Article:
Andrew said...

Dan you should get the iVerbosity app for your phone. It takes simple plain prose and turns it into wordy, flabby statements which circle round but never land on the point.

I know a couple of preachers who must be using it, and have seen it applied with great effect on some blog comments.

Stefan said...

I think Dan is a secret Hemingway fan, paring it all down to the bone—actually marrow, more like it.

rebecca said...

Carson said it was a question [like] this that brought NT Wright to a dead halt.

I'm curious about this statement and I want to know more.

Truth Unites... and Divides said...

DJP: "If you give either one a fundamentally different answer, then you are preaching a false Gospel to at least one of those people."

Mike Riccardi: "Fundamentally" is the key word."

Mike Riccardi is spot-on.

Key Question: Would Jesus present the Gospel EXACTLY the same in both of these situations?

Susan said...

Like this post a lot. The answer is so obvious once you set up the juxtaposition like that.

(BTW, that 18 year old "dude" looks like the actor who played Prince Caspian in the Narnia movie!)

Joshua Seevers said...

I recently have stumbled onto your blog and Pyro.

It has gotten quite heated lately in my life with my Christian friends when I came onto realization that "being called" or "following God's will for your life" or "has God laid it on your heart" is not biblical.

I really like the question you have posed to your readers but I want to make sure I got this right.

Were you expecting people to say to the 80 year old that if you believe that Jesus Christ has died for your sins then he will forgive you and you will have eternal life? Only to leave it at that because his time is limited.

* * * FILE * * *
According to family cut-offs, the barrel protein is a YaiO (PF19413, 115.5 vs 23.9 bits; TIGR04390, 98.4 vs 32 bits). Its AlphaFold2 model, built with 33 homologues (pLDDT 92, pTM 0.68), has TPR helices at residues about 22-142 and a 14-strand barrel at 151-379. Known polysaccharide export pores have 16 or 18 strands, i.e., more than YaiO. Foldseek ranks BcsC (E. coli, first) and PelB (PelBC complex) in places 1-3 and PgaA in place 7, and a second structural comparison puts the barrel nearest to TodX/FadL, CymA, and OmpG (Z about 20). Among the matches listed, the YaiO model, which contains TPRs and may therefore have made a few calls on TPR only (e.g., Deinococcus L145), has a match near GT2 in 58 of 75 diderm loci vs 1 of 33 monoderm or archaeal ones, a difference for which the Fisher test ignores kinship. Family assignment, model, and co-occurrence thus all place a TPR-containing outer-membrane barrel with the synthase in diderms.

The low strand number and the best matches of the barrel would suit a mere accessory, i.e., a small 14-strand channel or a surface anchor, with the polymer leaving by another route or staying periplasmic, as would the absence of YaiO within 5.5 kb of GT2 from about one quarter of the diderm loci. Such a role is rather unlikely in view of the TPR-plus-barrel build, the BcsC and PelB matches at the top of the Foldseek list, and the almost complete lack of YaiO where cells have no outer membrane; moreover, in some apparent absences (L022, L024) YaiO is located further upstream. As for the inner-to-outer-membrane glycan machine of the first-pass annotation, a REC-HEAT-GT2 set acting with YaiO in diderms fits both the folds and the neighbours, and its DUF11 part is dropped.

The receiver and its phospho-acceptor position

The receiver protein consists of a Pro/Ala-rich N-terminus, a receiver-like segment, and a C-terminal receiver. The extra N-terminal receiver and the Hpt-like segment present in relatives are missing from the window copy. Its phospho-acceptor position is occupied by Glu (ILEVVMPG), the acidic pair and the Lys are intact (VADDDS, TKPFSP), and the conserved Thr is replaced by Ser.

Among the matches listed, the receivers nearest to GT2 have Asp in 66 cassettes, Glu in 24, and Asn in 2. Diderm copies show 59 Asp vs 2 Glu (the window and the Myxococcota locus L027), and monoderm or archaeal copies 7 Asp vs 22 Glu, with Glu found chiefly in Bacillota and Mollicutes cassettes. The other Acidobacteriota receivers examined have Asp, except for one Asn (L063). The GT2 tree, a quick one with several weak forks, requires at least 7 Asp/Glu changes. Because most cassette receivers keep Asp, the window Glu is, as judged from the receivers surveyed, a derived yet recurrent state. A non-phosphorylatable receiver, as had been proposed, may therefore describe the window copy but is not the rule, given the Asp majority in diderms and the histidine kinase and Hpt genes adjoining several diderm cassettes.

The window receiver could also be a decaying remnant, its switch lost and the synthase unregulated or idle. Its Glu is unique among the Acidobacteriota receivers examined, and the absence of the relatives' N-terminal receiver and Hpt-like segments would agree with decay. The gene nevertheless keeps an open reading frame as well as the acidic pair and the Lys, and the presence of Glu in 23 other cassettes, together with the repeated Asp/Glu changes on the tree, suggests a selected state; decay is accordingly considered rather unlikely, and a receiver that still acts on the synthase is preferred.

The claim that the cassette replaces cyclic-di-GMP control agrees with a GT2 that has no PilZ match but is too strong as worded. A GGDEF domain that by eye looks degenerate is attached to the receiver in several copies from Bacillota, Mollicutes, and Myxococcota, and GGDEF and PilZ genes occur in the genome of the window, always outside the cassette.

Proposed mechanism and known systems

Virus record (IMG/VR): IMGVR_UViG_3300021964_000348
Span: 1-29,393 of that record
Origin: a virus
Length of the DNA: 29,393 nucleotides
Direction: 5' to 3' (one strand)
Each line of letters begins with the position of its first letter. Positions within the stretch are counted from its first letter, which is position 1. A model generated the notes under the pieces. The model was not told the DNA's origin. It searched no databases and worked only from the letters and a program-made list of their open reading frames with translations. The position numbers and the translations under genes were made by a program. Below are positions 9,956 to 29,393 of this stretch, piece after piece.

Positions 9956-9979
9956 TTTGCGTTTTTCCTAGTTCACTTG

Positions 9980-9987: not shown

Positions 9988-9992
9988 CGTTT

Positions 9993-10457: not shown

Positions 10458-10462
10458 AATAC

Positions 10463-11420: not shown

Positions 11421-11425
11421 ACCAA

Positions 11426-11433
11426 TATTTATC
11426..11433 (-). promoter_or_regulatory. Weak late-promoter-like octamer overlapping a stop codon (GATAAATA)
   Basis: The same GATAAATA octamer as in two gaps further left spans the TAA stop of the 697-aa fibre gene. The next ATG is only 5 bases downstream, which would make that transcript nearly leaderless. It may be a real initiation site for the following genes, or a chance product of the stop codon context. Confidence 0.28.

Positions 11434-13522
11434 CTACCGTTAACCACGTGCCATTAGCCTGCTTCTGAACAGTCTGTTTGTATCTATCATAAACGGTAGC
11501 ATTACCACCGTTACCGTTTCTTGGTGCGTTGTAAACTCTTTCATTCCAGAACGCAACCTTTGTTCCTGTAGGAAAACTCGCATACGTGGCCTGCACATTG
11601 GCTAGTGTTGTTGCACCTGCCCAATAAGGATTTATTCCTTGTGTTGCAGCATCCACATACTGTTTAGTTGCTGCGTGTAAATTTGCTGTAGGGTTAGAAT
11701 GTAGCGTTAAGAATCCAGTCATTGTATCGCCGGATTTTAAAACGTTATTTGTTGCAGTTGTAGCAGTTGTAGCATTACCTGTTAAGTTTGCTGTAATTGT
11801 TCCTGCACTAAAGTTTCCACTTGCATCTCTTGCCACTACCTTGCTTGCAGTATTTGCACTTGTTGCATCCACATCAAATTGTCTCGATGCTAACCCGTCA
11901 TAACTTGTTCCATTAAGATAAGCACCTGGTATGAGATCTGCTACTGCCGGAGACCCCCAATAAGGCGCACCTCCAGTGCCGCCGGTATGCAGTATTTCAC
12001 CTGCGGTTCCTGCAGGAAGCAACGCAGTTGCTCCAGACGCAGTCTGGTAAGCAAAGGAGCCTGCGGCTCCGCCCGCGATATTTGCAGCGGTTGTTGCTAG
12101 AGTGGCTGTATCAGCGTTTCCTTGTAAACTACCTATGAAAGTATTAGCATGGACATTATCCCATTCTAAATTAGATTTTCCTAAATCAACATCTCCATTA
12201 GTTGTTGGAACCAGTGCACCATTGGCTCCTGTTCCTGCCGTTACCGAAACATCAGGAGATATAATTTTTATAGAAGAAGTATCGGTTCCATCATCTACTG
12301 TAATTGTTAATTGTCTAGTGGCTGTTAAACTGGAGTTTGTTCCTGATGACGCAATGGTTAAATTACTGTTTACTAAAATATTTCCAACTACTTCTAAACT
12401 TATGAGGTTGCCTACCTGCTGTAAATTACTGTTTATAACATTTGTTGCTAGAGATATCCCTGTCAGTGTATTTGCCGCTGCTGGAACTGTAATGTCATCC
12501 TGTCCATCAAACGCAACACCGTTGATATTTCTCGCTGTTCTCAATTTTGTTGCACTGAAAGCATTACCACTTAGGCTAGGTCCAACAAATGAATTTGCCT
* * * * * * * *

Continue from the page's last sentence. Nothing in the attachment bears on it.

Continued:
Where as with the 18 year old you would say the say thing but as soon as they accepted Jesus you would say something like:

"Awesome, now that you are a Christian let me read to you the fine print. You now have to do this, this and this. Oops... Did you just sin again? Make sure you ask for forgiveness because even though you are saved and the bible says that God takes away all of your sins you have to ask for forgiveness or there are grave consequences! Are you not right with God? To not be right with God is to be in sin so if you are "feeling" this way then you must have done something wrong. Maybe you should reflect on your life and lock yourself in the closet so that you can spend quiet time with God and you can hear his voice and what he saying to you. Oh what is that you say? He is calling you to ministry? Great, How do you know? Well... You see... You just will know! Don't question his calling, who are you to question God? Go to seminary because if you deny the calling then you are in sin."

Is this along the line of what you are talking about or am I completely off base?

DJP said...

I was getting at the fact that loading anything that we can, should, or will do into the preaching of the Gospel as a constituent part of getting right with God makes it a false Gospel.

Whether I've five decades of life left or five seconds, I'll never be able, expected, or required to add one penny to what Jesus accomplished for His people on the cross.

Now, as to discipleship, as to the results and fruit of salvation — that is a distinct issue.

Halcyon said...


Presbyterian? Yes.

Hyper-covenantal? Goodness, no!

I actually meant just the first part of the verse: "believe on the Lord Jesus Christ...." Discussions on the latter part of it usually leave my head swimming and (as my word verification says) "bleding".

Stefan said...


Yeah...I was thinking of the exact same (half-)verse as a reply, then got all grammatico-historical on myself and ditched it.